Ben Sisto. Photo: courtesy the artist.
During the winter of 2010, artist Ben Sisto noticed something: a missing citation on the Wikipedia entry for the song Who Let the Dogs Out?. He did a little digging that lead to a London-based hairdresser and steel drum aficionado who recalled some facts that contradicted other information on the Wikipedia article. Nearly eight years later, Sisto is the (self appointed) world's leading expert on Who Let the Dogs Out?. His collection of memorabilia, artifacts and evidence contains roughly 300 items—an archive Artnet called "...a fascinating, decade-spanning history" and Hyperallergic noted as being "strange and thoroughly amazing".
On Friday, November 9, Sisto brings the fruits of his research to OpenGrounds, where he will be present an hour-long multimedia experience, Who Let Who Let the Dogs Out Out or WLWLTDOO. He will introduce UVA audiences to a host of colorful characters, dive deep into complex litigation, highlight the pros and cons of copyright law and make a strong case that the origins of one of the most well-known pop hooks of all time comes from a unlikely source. Given that WLWLTDOO is the most anticipated idiosyncratic OpenGrounds program this fall, intern Niko Marcich wanted to learn a bit more about Ben Sisto before he descended into Charlottesville.
How have your earlier artworks and ideas shaped the vision of this project? Are there any parallels between WLWLTDOO and your other artistic works?
Prior to WLWLTDOO, I’d given a few talks on Happy Birthday. Those were based on the work of GW Law Professor Robert Brauneis; I was exploring live presentation formats; figuring out how to paraphrase for different audiences. I was also doing a rereading of the 2004 Whitney Biennial catalog; it came with a box-set of small projects (stickers, posters) by various artists but there was virtually no information about it online. So I retyped all their texts, measured all the works and made an archive. I even screen-captured its old website in full and ran those images through OCR. It had been made with Flash which doesn’t let you copy/paste and is thus kinda wack for research needs. I suppose I’ve always been drawn to projects that deal with repetition, sorting, scrubbing ...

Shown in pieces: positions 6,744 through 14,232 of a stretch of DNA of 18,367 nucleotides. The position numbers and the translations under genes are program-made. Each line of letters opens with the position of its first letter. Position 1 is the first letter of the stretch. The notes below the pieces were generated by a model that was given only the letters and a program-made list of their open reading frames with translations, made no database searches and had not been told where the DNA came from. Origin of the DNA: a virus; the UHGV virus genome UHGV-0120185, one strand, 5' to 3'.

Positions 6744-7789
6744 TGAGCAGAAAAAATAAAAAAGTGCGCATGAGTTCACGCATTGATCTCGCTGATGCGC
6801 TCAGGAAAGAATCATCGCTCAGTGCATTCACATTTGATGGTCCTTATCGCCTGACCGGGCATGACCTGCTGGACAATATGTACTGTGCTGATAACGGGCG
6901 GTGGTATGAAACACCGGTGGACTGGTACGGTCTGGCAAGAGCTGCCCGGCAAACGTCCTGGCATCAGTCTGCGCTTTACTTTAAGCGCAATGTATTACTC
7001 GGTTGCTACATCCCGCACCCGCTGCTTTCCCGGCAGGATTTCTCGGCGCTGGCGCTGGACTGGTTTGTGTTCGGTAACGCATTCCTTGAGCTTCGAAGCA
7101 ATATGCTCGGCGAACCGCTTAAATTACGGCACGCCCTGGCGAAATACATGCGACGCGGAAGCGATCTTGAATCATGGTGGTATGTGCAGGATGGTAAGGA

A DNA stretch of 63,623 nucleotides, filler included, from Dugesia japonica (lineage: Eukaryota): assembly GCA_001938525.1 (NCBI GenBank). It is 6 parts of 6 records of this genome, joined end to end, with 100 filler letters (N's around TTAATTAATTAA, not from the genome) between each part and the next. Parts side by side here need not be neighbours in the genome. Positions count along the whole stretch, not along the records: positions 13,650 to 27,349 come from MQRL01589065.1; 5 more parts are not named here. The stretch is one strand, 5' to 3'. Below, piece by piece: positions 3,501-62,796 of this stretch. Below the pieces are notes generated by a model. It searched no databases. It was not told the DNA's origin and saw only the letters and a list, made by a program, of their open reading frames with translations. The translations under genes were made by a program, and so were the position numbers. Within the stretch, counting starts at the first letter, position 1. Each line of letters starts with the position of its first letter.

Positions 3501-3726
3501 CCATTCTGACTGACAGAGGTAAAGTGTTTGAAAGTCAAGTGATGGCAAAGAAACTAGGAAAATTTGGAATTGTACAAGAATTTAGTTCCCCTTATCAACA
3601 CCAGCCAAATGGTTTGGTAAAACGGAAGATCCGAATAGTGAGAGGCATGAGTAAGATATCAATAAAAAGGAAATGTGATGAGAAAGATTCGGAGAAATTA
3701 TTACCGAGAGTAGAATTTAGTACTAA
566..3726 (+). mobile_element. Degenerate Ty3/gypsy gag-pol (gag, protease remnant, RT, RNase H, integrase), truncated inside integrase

Tell me more about your day job at the Ace Hotel. What are some of your favorite projects you’ve done for this hipster mecca?
It’s an interesting place. I’ve hosted runway shows for transgender designers, ran a residency program for psychics, and curate a dozen exhibitions a year. We once did a retrospective for the artist John Kilduff; his practice involves painting while running on a treadmill, making smoothies and taking calls all at the same time. We installed the same obscure, 90s model treadmill (Precor 9.1), which he used in his earlier videos. A cool grandma was selling it on Craigslist. So it’s all that, plus translating it into budgets, into digital marketing assets. We’re more like MoMA, less like Marriott.
Has WLWLTDOO inspired you to research the backstory of any other iconic pop songs with a controversial past?
I was sort of getting into the backstory of the song Agadou, which is maybe like The Macarena from England years back. It’s a bit similar to WLTDO in that it’s a bit annoying but, also (I would say) pretty solid. And it’s definitely a story about cultural appropriation and racism—but the trail is just kinda dead at a certain point. My latest gallery show was a bunch of blank pages from old books—I think after WLWLTDOO I had to swing back towards minimal. Maybe no more pop songs for a while.